You’ll find the South Indian vadais at two antipodes of the food spectrum – from crisp, light and a delight to bite into to a heavy, doughy mass and something you’d rather use to injure someone. The medu vadai / vada with its minimal ingredients is a tough one to get right. If you don’t get it right, there’s nothing much you can do, except may be dunk it into boiling hot rasam and pray to all the food goods that somehow the vadai gets a second chance to be counted as edible.
Then there’s the more exciting paruppu vadai, that is made using split Bengal Gram dal – chana dal. When made for festivals and prasadam (offering in pujas etc.) it is made without the onion-garlic mix and other herbs, using just the soaked dal, asafoetida, chillies and salt.
This one has huge scope for tasty improvisations, and it is reasonably easier to get right as compared to the medu vada. There are numerous variations, and keerai vadai with its plentiful greens is one of my favourites. There’s also a Chettinad specialty called ‘Vazhapoo vadai’ which used the banana flower as an addition. The use of fennel seeds in this recipe gives it a lovely fragrance is a Chettinad touch. When one bites into this, the fennel is what makes your guests ask you, “what’s the secret ingredient in this?”.
This recipe is from my househelp KV, who is an excellent cook. Her layered parathas are divine, and I can’t seem to like tea made by anyone else. While she doesn’t cook on a daily basis, she is always happy to pitch in when I am cooking for a crowd.
Tambrahm Menu Thali
When it was my turn to host the bi-monthly Bloggers’ lunch for #thekitchendivas, I drew out a Tambrahm menu, taking care to include items which my fellow bloggers might not have had before. This Keerai (Spinach) vadai was one of them. KV took responsibility for this, while I went about the rest of the cooking. They turned out absolutely delicious. The aromas of coriander, mint, curry leaves, fennel seeds meant they needed no accompanying chutney. She says that you can even add dill leaves as a replacement to one of the herbs listed here for an even more unusual flavour. And don’t be shocked at the largish quantity of garlic, frying mellows their flavour considerably and it’s not a strong garlicky taste at all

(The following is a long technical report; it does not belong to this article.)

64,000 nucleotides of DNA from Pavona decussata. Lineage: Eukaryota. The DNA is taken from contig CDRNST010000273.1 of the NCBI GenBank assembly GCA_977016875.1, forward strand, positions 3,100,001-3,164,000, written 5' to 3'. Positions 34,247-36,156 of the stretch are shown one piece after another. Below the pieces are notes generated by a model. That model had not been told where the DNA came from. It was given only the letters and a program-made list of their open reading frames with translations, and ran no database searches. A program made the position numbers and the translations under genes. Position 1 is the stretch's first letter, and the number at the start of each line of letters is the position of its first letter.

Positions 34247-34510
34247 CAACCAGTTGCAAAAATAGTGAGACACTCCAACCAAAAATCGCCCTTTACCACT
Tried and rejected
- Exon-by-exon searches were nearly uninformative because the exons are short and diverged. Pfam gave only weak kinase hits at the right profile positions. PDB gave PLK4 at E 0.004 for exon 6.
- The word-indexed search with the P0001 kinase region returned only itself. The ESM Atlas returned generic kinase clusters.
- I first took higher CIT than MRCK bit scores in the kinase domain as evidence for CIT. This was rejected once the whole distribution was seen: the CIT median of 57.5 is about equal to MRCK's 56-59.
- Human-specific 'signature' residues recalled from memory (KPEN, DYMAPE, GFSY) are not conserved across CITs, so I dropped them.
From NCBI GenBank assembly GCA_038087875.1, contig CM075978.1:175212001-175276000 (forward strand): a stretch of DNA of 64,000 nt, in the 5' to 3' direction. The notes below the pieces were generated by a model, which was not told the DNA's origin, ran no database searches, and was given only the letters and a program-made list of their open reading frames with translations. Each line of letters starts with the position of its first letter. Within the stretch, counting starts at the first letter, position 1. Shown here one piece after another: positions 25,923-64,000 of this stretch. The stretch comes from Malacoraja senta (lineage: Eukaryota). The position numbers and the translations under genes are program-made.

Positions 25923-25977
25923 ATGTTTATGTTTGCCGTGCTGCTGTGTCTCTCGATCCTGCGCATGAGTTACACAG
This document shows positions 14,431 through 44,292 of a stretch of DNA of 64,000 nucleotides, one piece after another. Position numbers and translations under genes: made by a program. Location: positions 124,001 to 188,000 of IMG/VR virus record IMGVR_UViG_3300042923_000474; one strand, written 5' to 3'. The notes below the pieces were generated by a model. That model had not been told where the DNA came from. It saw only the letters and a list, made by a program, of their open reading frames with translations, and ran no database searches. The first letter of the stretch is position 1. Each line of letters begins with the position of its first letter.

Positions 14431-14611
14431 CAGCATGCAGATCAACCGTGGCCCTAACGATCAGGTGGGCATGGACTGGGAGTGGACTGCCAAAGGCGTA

Keerai Masala Vadai | Recipe for Spinach-Masala Vada
Makes around 35-40 small vadais
Mixer to grind
Kadai to deep fry
Recipe for Keerai Vadai | Spinach and Herbs Masala Vadai
- 250 grams chana dal
- 1/8 tsp asafoetida
- 1.5 tsps ginger grated
- 8 cloves garlic , peeled and crushed to a paste
- 1 onion large , finely chopped
- 2 - 3 green chillies , finely chopped
- 1 tsp fennel seeds
- 1 packed spinach leaves (washed, dried)- finely chopped cup
- 1/4 cup coriander leaves finely chopped
- 1/4 cup mint finely chopped
- 1 sprig curry leaves , finely chopped
- 1.5 tsps salt
- 1 pinch baking soda
- 300 ml cooking oil roughly , for deep frying (depends on size of your kadai)
- Wash and soak the chana dal in lots of water for 5-6 hours.
- Drain well and grind to a coarse paste, without adding any extra water.
- Add all the remaining ingredients to the paste, mix well.
- Keep the oil to heat in a deep heavy bottomed pan / kadai.
- Once the oil is hot, you can test by dropping in a small round of dal mix into the oil. It should immediately sizzle, go to the bottom of the kadai, and come straight up to the surface.
- On a greased palm or a cling film, pat vadais of around 1.5" diameter and 1/2 inch thickness. As you form each vadai shape drop it along the sides into hot oil.
- Allow this to fry on medium heat, for around 4 minutes or so on one side. Once the bottom side turns golden and crisp, you can flip it around and similar fry this side for 3 minutes or so.
- Drain on a colander covered with a few layers of kitchen paper / tissues to absorb the excess oil.